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Buying a grown-up xylo- or metallophone

Mrrzy 08 Jan 21 - 02:06 PM
leeneia 08 Jan 21 - 02:52 PM
Mrrzy 08 Jan 21 - 04:13 PM
GUEST 08 Jan 21 - 04:46 PM
Mrrzy 08 Jan 21 - 05:13 PM
leeneia 08 Jan 21 - 07:01 PM
Mrrzy 09 Jan 21 - 01:12 AM
Mrrzy 09 Jan 21 - 10:17 AM
leeneia 09 Jan 21 - 11:13 AM
Richard Mellish 10 Jan 21 - 05:39 AM
Mrrzy 10 Jan 21 - 05:25 PM
Mrrzy 26 Jan 21 - 01:26 PM
punkfolkrocker 29 Jan 21 - 11:00 AM
Mrrzy 29 Jan 21 - 03:09 PM
Mrrzy 29 Jan 21 - 03:40 PM
Mrrzy 29 Jan 21 - 07:23 PM
Jack Campin 29 Jan 21 - 08:13 PM
punkfolkrocker 29 Jan 21 - 09:12 PM
Mrrzy 30 Jan 21 - 03:46 PM
leeneia 02 Feb 21 - 01:23 PM
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Subject: Buying a grown-up xylo- or metallophone
From: Mrrzy
Date: 08 Jan 21 - 02:06 PM

My 2021 resolution is to learn *an* instrument, to accompany myself on the Singarounds. I don't read music or grok keys so I figure a simple higher-righter lower-lefter might work.
Advice? Those of you who know my voice from the Singarounds, especially?
Thanks!


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Subject: RE: Buying a grown-up xylo- or metallophone
From: leeneia
Date: 08 Jan 21 - 02:52 PM

If you don't know keys or chords, the best thing is a percussion instrument. Why not form a resolution to learn to read music? It's not hard.


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Subject: RE: Buying a grown-up xylo- or metallophone
From: Mrrzy
Date: 08 Jan 21 - 04:13 PM

No desire to. Took music for 10 years in French school, that was enough. Besides, all I want to learn to play are the songs I already know... I want to learn to go from heard sung note to heard played note, not from eye to note. To learn a new song, I listen to it, and memorize it, then sing it. So I never need to read music. Topic for a separate queation, that.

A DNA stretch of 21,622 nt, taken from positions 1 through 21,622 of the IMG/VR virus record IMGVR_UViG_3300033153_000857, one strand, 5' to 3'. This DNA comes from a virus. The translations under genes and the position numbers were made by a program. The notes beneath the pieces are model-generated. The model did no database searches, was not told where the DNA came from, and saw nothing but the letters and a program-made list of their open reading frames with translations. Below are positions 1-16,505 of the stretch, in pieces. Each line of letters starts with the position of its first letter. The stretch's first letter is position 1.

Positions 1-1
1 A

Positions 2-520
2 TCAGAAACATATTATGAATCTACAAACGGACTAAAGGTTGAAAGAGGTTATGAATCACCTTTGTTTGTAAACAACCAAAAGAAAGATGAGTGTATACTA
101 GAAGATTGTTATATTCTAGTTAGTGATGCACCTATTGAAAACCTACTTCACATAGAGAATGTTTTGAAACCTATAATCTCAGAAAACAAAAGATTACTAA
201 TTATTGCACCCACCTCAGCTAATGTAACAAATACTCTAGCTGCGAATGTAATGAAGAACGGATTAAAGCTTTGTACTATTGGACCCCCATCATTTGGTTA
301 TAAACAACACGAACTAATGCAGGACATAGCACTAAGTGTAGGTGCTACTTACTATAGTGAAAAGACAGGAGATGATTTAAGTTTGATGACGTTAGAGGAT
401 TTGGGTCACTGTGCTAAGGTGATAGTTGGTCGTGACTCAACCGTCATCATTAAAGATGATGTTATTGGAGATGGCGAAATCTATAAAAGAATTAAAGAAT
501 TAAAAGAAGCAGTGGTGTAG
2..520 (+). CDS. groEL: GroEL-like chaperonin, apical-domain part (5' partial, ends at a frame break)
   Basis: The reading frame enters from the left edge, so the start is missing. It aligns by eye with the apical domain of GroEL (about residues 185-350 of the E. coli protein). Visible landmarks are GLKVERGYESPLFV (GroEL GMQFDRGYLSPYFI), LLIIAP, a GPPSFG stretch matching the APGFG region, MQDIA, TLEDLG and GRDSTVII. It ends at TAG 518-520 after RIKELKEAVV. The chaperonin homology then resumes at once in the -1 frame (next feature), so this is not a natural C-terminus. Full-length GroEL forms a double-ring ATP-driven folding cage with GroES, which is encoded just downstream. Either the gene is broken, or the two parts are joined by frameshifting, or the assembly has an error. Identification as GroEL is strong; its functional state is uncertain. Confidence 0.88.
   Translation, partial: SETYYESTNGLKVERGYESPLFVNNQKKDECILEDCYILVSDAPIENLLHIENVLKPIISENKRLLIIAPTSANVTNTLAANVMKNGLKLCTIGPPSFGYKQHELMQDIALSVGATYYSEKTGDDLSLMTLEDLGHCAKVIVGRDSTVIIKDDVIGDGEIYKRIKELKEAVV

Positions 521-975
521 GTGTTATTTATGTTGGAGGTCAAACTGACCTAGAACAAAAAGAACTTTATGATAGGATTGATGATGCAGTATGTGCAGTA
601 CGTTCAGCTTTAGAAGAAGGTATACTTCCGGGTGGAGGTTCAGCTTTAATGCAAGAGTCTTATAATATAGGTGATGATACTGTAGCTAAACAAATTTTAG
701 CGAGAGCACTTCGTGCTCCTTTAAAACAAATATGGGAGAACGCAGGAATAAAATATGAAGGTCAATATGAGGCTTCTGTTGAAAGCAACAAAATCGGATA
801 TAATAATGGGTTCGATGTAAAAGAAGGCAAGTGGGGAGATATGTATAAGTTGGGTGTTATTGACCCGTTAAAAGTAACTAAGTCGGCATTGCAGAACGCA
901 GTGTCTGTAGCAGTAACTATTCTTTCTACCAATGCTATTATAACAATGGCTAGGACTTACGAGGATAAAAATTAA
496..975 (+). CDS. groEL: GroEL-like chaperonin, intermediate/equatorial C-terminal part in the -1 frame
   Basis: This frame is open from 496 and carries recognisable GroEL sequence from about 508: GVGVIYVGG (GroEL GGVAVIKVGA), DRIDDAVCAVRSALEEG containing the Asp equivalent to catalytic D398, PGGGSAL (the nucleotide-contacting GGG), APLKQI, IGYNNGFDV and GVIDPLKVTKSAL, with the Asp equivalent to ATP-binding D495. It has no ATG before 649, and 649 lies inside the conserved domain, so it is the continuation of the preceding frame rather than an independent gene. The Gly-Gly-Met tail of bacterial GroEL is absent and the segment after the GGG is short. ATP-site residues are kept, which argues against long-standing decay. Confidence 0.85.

So, anyway, I just spent a while in a music store. Apparently I will want a xylo rather than a metallo as the metal one I tried played way too high for how low I sing. I could get one and only play the bottom but that seemed silly. What the helpful staff [get it?] showed me was something called a bell set, which looked perfect, just like a 2-layer xylophone with maybe 2 octaves, but the sound, like I said, way too high.

Are there such things as bass (or at least way lower) bell sets?


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Subject: RE: Buying a grown-up xylo- or metallophone
From: GUEST
Date: 08 Jan 21 - 04:46 PM

Bass Xylophone


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Subject: RE: Buying a grown-up xylo- or metallophone
From: Mrrzy
Date: 08 Jan 21 - 05:13 PM

That is gorgeous, Guest, thanks.

Any recommendations for how to try these out? I am reluctant to buy online sound unheard.


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Subject: RE: Buying a grown-up xylo- or metallophone
From: leeneia
Date: 08 Jan 21 - 07:01 PM

You don't wish to accompany yourself in the sense that a folk guitarist accompanies a singer by using chords. You want to duplicate the melody you are singing, is that right?

If so, how about an Orff xylophone or a mini-electric piano. The piano will allow you much more freedom.


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Subject: RE: Buying a grown-up xylo- or metallophone
From: Mrrzy
Date: 09 Jan 21 - 01:12 AM

Bingo, and I have seen the name Orff in my perusals. Thanks.

I can't believe it took me this long to find out what the xylo meant.

And what about vibraphones, which my spellchecker wants to change to vibrators? Had a friend with one of those. It was wooden but he said vibra and it was his instrument...